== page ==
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Br J Psychiatry. 2005 Dec;187:516-22.

Cognitive heterogeneity in first-episode schizophrenia.

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  • 1Institute of Neurology, University College London, Box 19, The National Hospital for Neurology and Neurosurgery, Queen Square, London WC1N 3BG, UK. e.joyce@ion.ucl.ac.uk

Abstract

BACKGROUND:

Studies of chronic schizophrenia suggest that there are subgroups with different profiles of cognitive impairment.

AIMS:

To determine whether such heterogeneity is present at illness onset and any relationship to clinical variables.

METHOD:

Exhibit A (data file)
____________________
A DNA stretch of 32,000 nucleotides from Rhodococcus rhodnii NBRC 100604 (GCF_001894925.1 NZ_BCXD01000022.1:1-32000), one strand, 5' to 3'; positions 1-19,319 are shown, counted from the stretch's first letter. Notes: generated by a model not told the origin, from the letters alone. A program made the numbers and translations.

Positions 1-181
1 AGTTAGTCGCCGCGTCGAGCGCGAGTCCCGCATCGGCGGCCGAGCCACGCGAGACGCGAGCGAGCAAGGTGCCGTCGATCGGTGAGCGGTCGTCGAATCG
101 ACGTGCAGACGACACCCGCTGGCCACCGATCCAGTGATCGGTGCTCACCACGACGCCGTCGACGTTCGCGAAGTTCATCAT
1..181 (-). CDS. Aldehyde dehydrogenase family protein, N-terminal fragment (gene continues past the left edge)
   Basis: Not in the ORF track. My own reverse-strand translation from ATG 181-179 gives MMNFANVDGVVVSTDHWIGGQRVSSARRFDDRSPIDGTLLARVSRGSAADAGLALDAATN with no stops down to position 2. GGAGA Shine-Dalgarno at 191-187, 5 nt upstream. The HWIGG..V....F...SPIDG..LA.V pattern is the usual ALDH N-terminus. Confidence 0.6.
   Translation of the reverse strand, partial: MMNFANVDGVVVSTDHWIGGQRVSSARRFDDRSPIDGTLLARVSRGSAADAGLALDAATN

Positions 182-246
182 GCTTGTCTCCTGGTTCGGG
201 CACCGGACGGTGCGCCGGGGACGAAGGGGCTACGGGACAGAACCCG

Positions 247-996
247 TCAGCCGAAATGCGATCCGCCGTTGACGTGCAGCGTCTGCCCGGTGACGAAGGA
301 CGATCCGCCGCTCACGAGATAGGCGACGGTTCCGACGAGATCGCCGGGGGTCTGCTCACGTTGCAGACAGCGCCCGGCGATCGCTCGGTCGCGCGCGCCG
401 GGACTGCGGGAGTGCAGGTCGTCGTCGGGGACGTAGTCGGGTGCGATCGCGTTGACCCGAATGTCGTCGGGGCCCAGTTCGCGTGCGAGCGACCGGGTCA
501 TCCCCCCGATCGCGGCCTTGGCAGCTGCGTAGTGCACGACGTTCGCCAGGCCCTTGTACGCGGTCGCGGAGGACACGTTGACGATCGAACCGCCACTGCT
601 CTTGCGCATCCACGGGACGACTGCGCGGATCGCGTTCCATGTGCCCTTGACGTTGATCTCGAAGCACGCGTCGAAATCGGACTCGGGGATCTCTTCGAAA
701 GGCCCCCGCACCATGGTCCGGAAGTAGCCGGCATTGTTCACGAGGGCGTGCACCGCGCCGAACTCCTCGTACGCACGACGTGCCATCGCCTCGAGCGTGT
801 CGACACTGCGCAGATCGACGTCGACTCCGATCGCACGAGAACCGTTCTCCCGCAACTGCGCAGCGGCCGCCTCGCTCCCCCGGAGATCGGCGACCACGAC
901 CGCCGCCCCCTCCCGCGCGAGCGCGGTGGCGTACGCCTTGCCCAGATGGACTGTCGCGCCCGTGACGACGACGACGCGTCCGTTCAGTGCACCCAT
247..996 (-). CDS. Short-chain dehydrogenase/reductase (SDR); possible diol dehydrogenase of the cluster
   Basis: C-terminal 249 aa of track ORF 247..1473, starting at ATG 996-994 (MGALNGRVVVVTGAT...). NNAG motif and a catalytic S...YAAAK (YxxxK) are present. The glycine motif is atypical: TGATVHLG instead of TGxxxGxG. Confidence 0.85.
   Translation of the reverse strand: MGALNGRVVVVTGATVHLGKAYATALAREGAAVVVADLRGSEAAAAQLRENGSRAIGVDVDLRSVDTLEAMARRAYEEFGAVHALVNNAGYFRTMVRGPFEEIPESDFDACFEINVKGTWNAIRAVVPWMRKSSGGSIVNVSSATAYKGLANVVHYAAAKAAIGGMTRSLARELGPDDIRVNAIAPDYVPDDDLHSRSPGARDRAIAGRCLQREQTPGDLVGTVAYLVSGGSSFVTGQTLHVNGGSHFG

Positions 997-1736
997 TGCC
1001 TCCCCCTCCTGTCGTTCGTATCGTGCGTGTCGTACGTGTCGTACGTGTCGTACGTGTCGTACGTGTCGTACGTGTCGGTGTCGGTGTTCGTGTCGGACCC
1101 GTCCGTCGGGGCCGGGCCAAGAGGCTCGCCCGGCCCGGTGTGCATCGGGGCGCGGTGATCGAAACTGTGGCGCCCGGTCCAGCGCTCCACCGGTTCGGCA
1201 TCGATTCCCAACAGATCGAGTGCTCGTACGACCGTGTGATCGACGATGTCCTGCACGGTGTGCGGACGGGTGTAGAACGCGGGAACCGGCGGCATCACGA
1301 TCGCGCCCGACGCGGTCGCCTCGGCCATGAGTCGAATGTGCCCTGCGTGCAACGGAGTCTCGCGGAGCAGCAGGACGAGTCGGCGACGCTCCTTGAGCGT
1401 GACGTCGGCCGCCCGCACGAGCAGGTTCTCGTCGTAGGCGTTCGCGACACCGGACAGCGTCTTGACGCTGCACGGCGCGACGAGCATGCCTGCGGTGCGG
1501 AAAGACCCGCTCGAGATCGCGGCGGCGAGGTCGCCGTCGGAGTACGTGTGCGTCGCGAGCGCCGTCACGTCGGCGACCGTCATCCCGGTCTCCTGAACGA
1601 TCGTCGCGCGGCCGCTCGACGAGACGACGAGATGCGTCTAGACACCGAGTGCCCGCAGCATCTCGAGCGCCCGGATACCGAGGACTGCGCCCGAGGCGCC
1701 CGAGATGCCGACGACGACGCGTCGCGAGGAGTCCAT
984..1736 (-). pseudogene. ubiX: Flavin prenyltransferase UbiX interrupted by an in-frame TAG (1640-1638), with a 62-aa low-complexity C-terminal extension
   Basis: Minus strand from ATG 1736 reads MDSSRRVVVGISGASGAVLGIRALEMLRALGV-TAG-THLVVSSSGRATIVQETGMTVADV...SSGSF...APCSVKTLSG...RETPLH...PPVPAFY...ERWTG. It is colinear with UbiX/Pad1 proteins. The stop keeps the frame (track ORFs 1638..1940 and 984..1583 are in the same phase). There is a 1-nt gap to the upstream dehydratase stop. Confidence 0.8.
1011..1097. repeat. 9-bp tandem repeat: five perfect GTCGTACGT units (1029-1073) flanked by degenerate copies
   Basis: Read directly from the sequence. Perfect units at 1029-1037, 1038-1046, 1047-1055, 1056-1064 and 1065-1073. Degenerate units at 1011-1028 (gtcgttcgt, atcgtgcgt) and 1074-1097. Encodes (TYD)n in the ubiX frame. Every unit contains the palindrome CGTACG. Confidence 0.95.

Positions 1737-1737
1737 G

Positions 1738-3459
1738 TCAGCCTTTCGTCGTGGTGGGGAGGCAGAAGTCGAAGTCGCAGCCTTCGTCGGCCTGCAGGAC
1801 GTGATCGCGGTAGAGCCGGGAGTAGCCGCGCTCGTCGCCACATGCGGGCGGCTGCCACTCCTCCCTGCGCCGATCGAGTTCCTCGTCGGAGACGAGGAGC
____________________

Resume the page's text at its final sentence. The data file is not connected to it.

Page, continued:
Ninety-three community patients with first-episode schizophrenia and 50 healthy volunteers were assessed for premorbid (Revised National Adult Reading Test) and current IQ, memory and executive function.

RESULTS:

Half of those with schizophrenia had preserved IQ in the normal range but there was evidence of a specific impairment in spatial working memory even in those with high/average IQ; 37 out of 93 (40%) had generalised cognitive decline. Those with low premorbid IQ were significantly younger at illness onset. For the entire group, age at onset correlated positively with premorbid but not current IQ.

CONCLUSIONS:

At illness onset, cognitive heterogeneity is present in people with schizophrenia, with a high proportion having undergone general cognitive decline. However, working memory impairment may be a common feature. Lower premorbid IQ is a risk factor for an earlier onset.

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